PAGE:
For years businesses have been calling for more and more innovation, creativity and/or enterprise. Particularly in a weak economy where innovation can mean the difference between life and death, the call for creative thinking has grown increasingly strong. Unfortunately, budgets and a stomach for risk have not followed suit. But before we even attempt to tackle those issues we need to think about what innovation and creativity mean. Why? Because these things mean very different things to different people. we are faced with a need for something, something seen as important, but which is either undefined or is defined with a wide range of interpretations.
Creativity is, in its broadest sense, the ability to think a new idea. This may be a new design, a new way of understanding the world, a new way of approaching a problem, a new melody, etc. It may be rethinking an old idea or a use for something we had forgotten. Out of the creative act is born symbols and myths.
Innovation is the process by which the new idea is put into practice. It challenges the existing ways of doing things and is a means of tangible change. Because it is a form of change, people will react as they do to any change. The more surprising the innovation, the more extreme the reaction will tend to be positive or negative. As with creativity, innovation can provoke, inspire or simply be lost in translation.
Creativity and innovation are inexorably linked, two sides of the same coin. Both are characterized by the act of turning new and imaginative ideas into reality. Both involve thinking, then producing. If you have ideas, but don’t act on them, you are imaginative but neither creative nor innovative.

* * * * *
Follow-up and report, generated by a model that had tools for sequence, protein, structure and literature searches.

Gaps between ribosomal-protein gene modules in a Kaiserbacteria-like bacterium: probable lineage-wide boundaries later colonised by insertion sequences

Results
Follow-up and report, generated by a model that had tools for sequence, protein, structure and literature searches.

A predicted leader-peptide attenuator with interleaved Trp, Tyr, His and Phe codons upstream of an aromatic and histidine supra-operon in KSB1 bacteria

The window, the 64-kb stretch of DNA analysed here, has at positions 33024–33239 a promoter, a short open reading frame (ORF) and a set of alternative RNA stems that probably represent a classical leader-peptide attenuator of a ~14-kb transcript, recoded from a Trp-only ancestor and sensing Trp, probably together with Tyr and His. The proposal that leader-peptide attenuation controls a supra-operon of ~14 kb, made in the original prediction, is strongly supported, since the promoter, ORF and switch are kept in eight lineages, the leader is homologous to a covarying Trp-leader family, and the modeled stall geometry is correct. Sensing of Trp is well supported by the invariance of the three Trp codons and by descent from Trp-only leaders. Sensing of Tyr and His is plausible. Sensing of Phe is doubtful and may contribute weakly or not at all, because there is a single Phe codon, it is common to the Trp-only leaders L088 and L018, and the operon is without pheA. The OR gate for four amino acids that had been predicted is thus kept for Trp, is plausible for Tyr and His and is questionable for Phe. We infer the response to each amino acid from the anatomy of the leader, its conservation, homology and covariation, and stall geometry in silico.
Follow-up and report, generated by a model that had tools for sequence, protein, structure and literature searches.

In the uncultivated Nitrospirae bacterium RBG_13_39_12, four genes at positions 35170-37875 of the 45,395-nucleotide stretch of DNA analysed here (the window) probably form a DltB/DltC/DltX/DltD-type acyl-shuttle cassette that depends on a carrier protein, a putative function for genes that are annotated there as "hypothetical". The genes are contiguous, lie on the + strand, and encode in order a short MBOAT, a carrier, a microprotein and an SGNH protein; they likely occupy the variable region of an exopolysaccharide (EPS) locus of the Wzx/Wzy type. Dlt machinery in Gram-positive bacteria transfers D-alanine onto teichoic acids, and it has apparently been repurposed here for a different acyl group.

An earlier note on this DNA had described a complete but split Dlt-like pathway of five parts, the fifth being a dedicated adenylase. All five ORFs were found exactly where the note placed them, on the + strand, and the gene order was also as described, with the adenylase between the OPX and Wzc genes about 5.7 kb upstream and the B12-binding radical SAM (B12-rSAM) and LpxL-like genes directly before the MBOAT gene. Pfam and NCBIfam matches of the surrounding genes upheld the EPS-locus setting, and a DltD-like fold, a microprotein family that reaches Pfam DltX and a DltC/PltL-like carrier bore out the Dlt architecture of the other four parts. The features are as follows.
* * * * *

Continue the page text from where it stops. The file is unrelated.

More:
Unfortunately, language can get in the way of action. It does not help that “creativity” has strong associations with the special artistic talents of a small number of exceptional people: creative geniuses like Mozart or Shakespeare. People in business often claim to be uncreative for this reason. Equally, “innovation” has connotations of logic and technical expertise. Think Bill Gates or Einstein. Consequently, innovation often falls to people other than the creative class.
We often forget or ignore our creativity and potential to innovate because we get too wrapped up in the roles we assume in our professions. And yet, as a species we are hardwired to embrace both. That means taking risks and relearning how to reject the mundane, assume risk and be willing to experiment. Especially during a time of economic uncertainty.